I don't consider trolling, baiting or sensationalism as valid discourse. Certainly not in politics, we all have our moments, but too many use it for commercial gain, for fame, or to create artificial political division for partisan and electoral advantage.
Fine I can accept that. I don't like it, and try to ignore that, except when it intrudes on my habits - which includes reading the Outlook section front to back on Sunday mornings. Another of my favourite past times is going to the local Barnes and Nobles store where I browse the history and philosophy sections, with no particular purpose in mind, just to see what jumps at me.
Recently the store broke off the modern politics section and put it in the center of the history alcove. It is two shelves high on both sides, waist height basically, and filled with all the sensationalist, rotten muck that passes for political discourse. "How to kill liberals", "How to waterboard conservatives", "How binHillary will be next President" or "Why Bush is the devil" - you know the titles and the authors.
I love probing the depths and complexity of history, politics and philosophy: it is my hobby, but when I see this line up I am faced by a mix of despair and laughter. Despair that the country which produced the great rationalist liberal leap of the US Republic now passes this shit as political discourse, and laughter that such absurdities are taken seriously - commercially and politically.
All is not lost of course. Buried in this morass of sensationalism are modestly named texts like, "The Rights of Man" and "The Federalist". I recognise that commercialism is driving much of this. Even well reasoned and professionally written books such as Fiasco: The American Military Adventure in Iraq have sensational titles. Fiasco is an excellent work of journalistic insight into present history and events.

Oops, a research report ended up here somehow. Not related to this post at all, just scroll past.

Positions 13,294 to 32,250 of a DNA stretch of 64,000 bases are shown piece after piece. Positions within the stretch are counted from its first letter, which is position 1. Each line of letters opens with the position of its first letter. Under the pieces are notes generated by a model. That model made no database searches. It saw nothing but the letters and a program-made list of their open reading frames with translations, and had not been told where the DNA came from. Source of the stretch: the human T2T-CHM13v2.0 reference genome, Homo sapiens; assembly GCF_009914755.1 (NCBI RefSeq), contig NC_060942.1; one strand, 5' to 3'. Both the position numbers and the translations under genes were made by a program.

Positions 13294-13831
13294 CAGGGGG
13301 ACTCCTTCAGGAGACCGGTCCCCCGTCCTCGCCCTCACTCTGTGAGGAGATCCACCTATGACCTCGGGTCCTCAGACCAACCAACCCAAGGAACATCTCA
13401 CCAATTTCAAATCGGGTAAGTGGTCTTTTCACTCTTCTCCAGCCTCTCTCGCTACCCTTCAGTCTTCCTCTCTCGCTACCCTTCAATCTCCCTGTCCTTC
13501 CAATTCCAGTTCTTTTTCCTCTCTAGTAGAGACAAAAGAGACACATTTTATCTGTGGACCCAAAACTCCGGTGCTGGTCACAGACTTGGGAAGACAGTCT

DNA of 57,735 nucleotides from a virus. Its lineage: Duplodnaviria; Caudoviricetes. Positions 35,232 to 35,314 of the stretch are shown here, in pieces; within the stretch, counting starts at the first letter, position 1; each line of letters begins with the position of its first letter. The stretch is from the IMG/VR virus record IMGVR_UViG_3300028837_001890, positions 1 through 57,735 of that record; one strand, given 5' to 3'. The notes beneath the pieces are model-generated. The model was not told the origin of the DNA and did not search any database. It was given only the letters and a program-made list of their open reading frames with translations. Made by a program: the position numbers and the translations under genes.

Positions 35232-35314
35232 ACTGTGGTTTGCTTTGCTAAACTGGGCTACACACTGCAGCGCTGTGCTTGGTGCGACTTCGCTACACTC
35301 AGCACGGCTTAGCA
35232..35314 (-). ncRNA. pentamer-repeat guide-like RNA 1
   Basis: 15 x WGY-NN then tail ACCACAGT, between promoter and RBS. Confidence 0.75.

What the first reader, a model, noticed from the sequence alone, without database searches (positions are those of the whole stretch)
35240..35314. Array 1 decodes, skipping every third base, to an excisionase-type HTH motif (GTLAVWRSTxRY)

But even so. The desire for eyeballs does not mean that editors have to go to such shrill lengths especially when they carry so little purpose and are devoid of quality, merit or relevance. The recent Liz Cheney op-ed is one example, and this Dinesh D'Souza article is another.
I am reminded of Warren Bass' Book Review of D'Souza's book:
As the great social scientist Thomas C. Schelling might have put it, there are two possibilities here: Either D'Souza is blaming liberals for 9/11 because he truly believes that they're culpable, or he's blaming liberals for 9/11 because he's cynically calculating that an incendiary polemic will sell books.
I just don't know which is scarier.
One has to wonder why his publisher, agent, editors and publicists went along for the ride, and it's hard not to conclude that they thought the thing would cause a cable-news and blogosphere sensation that would spike sales -- a ruckus triggered not despite the book's silliness but because of it.
This sort of scam has worked before (think of Christopher Hitchens's gleeful broadside against Mother Teresa or the calculated slurs of Ann Coulter), but rarely has the gap between the seriousness of the issues and the quality of the book yawned as wide.
This time, let's just not bother with the flap; this dim, dishonorable book isn't worth it.
Warren Bass is saying don't feed the trolls. The problem for reasonable people of conscience is that the Washington Post editors are feeding trolls like D'Souza steak by the truck load.
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